Why I'm suing the State Department over Hillary Clinton's email scandal
As secretary of state, Hillary Clinton clearly didn't want the public to have access to her email messages. And that's the great irony of the email scandal in which she now finds herself: By hosting her email on a private server, she's allowed everyone to read her letters.
Under massive pressure, Clinton handed over more than 50,000 pages of emails to the State Department late last year, and in the months since, many have oozed out into the light, including my personal favorite: a letter from Clinton-family delovoi Lanny Davis, written with such fawning servility that one might have expected it to be signed by a Nigerian prince in need of your bank account number.
I hate to email you too much and to ask you for any favors. I feel as if I am taking advantage of a great privilege that you allow me to send you a personal email every so often. But this is a favor that I fully understand for 100 reasons might not be appropriate or comfortable for you to say yes to. [Lanny Davis]
But let's be serious: It's a near-certainty that foreign intelligence agencies thoroughly penetrated Clinton's email. For all we know, the average private in the People's Liberation Army now has the un-redacted letters from the head of U.S. foreign affairs — letters written during the critical phases of wars in both Iraq and Afghanistan, and during which U.S. spies and soldiers were fighting clandestine wars in virtually every hostile nation on the planet. Understand that even if she didn't outright type grid coordinates for drone bombing targets, foreign intelligence agencies exist specifically to piece together disparate and innocuous bits of information to form a reasonably accurate tapestry of their targets.
The timeline of the Clinton email scandal itself reads like an indictment, but three dates bear note: In May 2015, the State Department discovered classified material in Clinton's email. In June, the inspector general of the intelligence community confirmed to Congress that classified material had indeed been discovered, and that copies of said correspondence were being stored on flash drives at the office of David Kendall, Clinton's lawyer. On August 5, the State Department confirmed publicly that it had installed a safe at Kendall's office to store this flash drive brimming with American secrets. Kendall relinquished the now-radioactive drives the next day.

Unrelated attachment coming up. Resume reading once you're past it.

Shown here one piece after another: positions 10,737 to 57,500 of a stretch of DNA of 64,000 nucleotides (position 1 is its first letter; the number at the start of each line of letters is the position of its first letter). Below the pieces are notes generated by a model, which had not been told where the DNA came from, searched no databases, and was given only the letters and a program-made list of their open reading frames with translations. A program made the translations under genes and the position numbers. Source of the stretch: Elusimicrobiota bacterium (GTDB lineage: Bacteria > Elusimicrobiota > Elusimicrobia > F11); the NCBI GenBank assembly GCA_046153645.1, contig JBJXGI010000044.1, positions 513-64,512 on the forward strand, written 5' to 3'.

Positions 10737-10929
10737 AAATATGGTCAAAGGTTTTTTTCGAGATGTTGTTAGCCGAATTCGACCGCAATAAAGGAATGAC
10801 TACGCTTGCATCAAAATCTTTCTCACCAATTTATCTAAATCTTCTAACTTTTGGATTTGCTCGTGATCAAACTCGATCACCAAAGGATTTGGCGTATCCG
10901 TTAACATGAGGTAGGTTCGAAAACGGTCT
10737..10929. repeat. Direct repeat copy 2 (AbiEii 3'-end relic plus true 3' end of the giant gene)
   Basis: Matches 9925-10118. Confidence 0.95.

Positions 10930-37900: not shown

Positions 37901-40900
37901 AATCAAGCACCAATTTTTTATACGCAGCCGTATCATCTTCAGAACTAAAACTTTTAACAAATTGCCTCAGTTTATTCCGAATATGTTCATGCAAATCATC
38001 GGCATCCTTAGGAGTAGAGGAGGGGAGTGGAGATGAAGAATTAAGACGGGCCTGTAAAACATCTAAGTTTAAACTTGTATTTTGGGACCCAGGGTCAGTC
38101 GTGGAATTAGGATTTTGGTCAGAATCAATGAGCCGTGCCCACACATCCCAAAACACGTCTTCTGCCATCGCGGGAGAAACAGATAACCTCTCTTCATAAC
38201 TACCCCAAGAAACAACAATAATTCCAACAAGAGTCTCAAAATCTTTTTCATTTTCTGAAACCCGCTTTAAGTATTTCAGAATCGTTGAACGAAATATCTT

The circumstances surrounding the storage of classified material at Kendall's office deserve scrutiny. Had any other private lawyer — even one with a security clearance — told a federal agency he or she planned to hold on to classified records, he or she would have been referred immediately to the FBI for investigation, and had his or her clearances summarily revoked.
In 2010, this happened to Kel McClanahan, a lawyer and the executive director of National Security Counselors, a public interest law firm. During the course of his work, he inadvertently received classified information. He notified the Justice Department of this, and he was immediately referred to the FBI, who investigated him for over a year. He was threatened with search warrants if he did not voluntarily allow them to search through his records, in a kind of dragnet to see if he had any other classified information. (He did not.) Mark Zaid, another D.C.-based national security attorney, received similar treatment after being accused of possessing classified material. (The information had been given as unclassified, and then the government changed its mind.) Zaid and his colleagues were threatened with prosecution and the revocation of their security clearances. At the time, McClanahan, Zaid, and others in the national security legal community took such treatment as par for the course. It's now clear that if they had had Hillary Clinton as a client, not only would the government have left them alone, but would have sent over a maintenance crew to install safes to help store sensitive documents.
Clinton's email server is bad. Even Lanny Davis, who was once "inspired, of course, by my friend the great former Junior Senator from New York, Hillary Clinton, whom my friend Lindsey Graham once told me was the nicest and most effective person in the U.S. Senate," would probably concede that installing a secret mail server in your bathroom to bypass open records laws is unwise. But it is the actions of the State Department that require adversarial attention.
If it is now policy to allow private lawyers to hoard potentially classified information, the public is entitled to know the authority by which such policies are maintained, and who is permitted such generous treatment. The public is owed an explanation for blind eyes turned, in the case of Kendall and Clinton, to the obvious dangers to national security. Did no one at State object to this? And if so, who overruled those objections?
To find out, Kel McClanahan and I have filed suit against the U.S. State Department. Our lawsuit is the result of a Freedom of Information Act request for records concerning State's decision-making in this matter. The State Department first acknowledged our request, and agreed to expedite its processing. Then they ended all correspondence. Americans have the legal right to these records, and our goal is to compel State to hand them over.
This goes beyond politics. If the State Department wants to pick and choose which private citizens get to store classified material at their homes or offices, the public needs an explanation of how such decisions are made, and why. Once we know that, we might know just how poorly our secrets are really being kept.